Sleeping is crucial after surgery because it helps the body heal. Unfortunately, many people who have just undergone shoulder surgery struggle to fall asleep or stay asleep due to increased nighttime pain. It will take weeks to months for your shoulder to fully recover after arthroscopic shoulder surgery. You may experience swelling and pain for several weeks, but do not worry because pain is a natural part of the healing process.
What is Shoulder Arthroscopy Surgery?
Shoulder arthroscopy surgery is a minimally invasive procedure used to identify and treat shoulder injuries that have not improved with nonsurgical treatments. Some examples of nonsurgical treatments for shoulder pain include medication, injections, physical therapy and adequate rest.
Compared to traditional surgery, minimally invasive procedures involve smaller incisions. The size of each cut is comparable to a keyhole. Your surgeon inserts a miniature camera called an arthroscope through that tiny skin incision. This camera beams images of your shoulder joint onto a video screen. Your provider will examine these photos to determine the cause of your injury. If you require a shoulder repair, the surgeon will use tiny surgical tools to restore the mobility of your shoulder.
Arthroscopy shoulder surgery can remove inflamed tissue and can treat the following shoulder injuries:
- Bone spurs
- Biceps tendon injuries
- Injuries to the tissue surrounding your shoulder socket, such as labrum tears
- Frozen shoulder
- Rotator cuff tendonitis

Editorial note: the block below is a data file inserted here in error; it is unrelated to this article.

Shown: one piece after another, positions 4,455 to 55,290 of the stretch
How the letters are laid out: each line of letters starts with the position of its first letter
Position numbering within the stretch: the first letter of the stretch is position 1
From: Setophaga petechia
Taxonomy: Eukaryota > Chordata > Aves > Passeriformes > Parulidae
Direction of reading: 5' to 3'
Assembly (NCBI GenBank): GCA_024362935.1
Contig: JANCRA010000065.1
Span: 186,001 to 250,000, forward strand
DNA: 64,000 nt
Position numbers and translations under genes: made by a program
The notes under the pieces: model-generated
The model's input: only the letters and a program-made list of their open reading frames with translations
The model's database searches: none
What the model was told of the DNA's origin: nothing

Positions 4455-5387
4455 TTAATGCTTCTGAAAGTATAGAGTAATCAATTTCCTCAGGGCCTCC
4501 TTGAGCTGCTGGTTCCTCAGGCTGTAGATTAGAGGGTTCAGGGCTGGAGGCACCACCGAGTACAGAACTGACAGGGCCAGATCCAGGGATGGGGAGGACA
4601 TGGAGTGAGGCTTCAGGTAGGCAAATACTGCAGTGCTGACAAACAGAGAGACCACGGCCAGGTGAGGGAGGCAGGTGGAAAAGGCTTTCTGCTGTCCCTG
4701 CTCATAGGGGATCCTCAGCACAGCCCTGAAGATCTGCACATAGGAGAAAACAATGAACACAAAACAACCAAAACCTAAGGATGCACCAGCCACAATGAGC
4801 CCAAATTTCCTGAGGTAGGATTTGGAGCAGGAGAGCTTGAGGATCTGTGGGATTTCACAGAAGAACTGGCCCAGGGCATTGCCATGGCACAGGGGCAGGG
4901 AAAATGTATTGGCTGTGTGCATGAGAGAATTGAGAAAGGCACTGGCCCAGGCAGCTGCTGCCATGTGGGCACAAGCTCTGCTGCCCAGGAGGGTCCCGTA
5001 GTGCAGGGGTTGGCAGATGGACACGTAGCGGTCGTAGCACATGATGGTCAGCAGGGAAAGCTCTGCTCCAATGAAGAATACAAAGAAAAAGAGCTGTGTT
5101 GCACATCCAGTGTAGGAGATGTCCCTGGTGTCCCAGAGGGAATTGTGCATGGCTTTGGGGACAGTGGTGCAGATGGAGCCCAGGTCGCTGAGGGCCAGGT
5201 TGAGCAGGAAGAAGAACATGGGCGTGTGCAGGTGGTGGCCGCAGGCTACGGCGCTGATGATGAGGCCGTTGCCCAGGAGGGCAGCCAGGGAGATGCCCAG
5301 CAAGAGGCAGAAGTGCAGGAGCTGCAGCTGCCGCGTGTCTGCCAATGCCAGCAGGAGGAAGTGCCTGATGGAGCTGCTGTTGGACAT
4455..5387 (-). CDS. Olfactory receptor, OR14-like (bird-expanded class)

- Rotator cuff tears
- Shoulder instability, which occurs when the shoulder joint becomes dislocated or loose
- Shoulder impingement syndrome
Tips to Sleep Better After Shoulder Surgery
There are various reasons why patients have difficulties sleeping after shoulder surgery: when we sleep, we may curl one or both hands underneath our pillow, lie on one side or instinctively go to the fetal position. Your shoulders are put under a lot of pressure in these positions. Additionally, the pain can worsen if you sleep on a mattress that does not provide your body with the support it needs.
The following tips will help you sleep after arthroscopic shoulder surgery:
- Sleep on an Incline for 4-6 weeks after surgery
- Avoid sleeping on your back
- Put some pillows behind you, so you do not turn around at night
- Purchase a 45-degree wedge from a medical supply store
- Place a pillow between your torso and healing shoulder
- Sleep on your uninjured side
- Wear your sling at night for the first week to protect your shoulder from movement and keep it properly positioned while you sleep
- Plan your medication schedule, so you take your pain medication about 30 minutes before bedtime. This will help you sleep pain-free.
- Ice your shoulder before going to sleep to numb the nerves and reduce inflammation. First, wrap the ice pack in a towel and hold it on your shoulder for up to 30 minutes.
- Try a cold therapy unit, a sleeve that wraps the injured shoulder in a continuous cold – ice-free.
Regain Control of Your Sleep Schedule
You need sufficient rest after surgery so your body can heal effectively. The tips mentioned above can help reduce shoulder pain and improve your sleep. However, if you still have difficulties falling asleep two weeks after surgery, Dr. Jonathan Glashow can help you. He can assess your recovery and create a treatment plan to help you get the rest your body needs. Please contact us today to book an appointment or visit his clinic on the Upper East Side in New York City.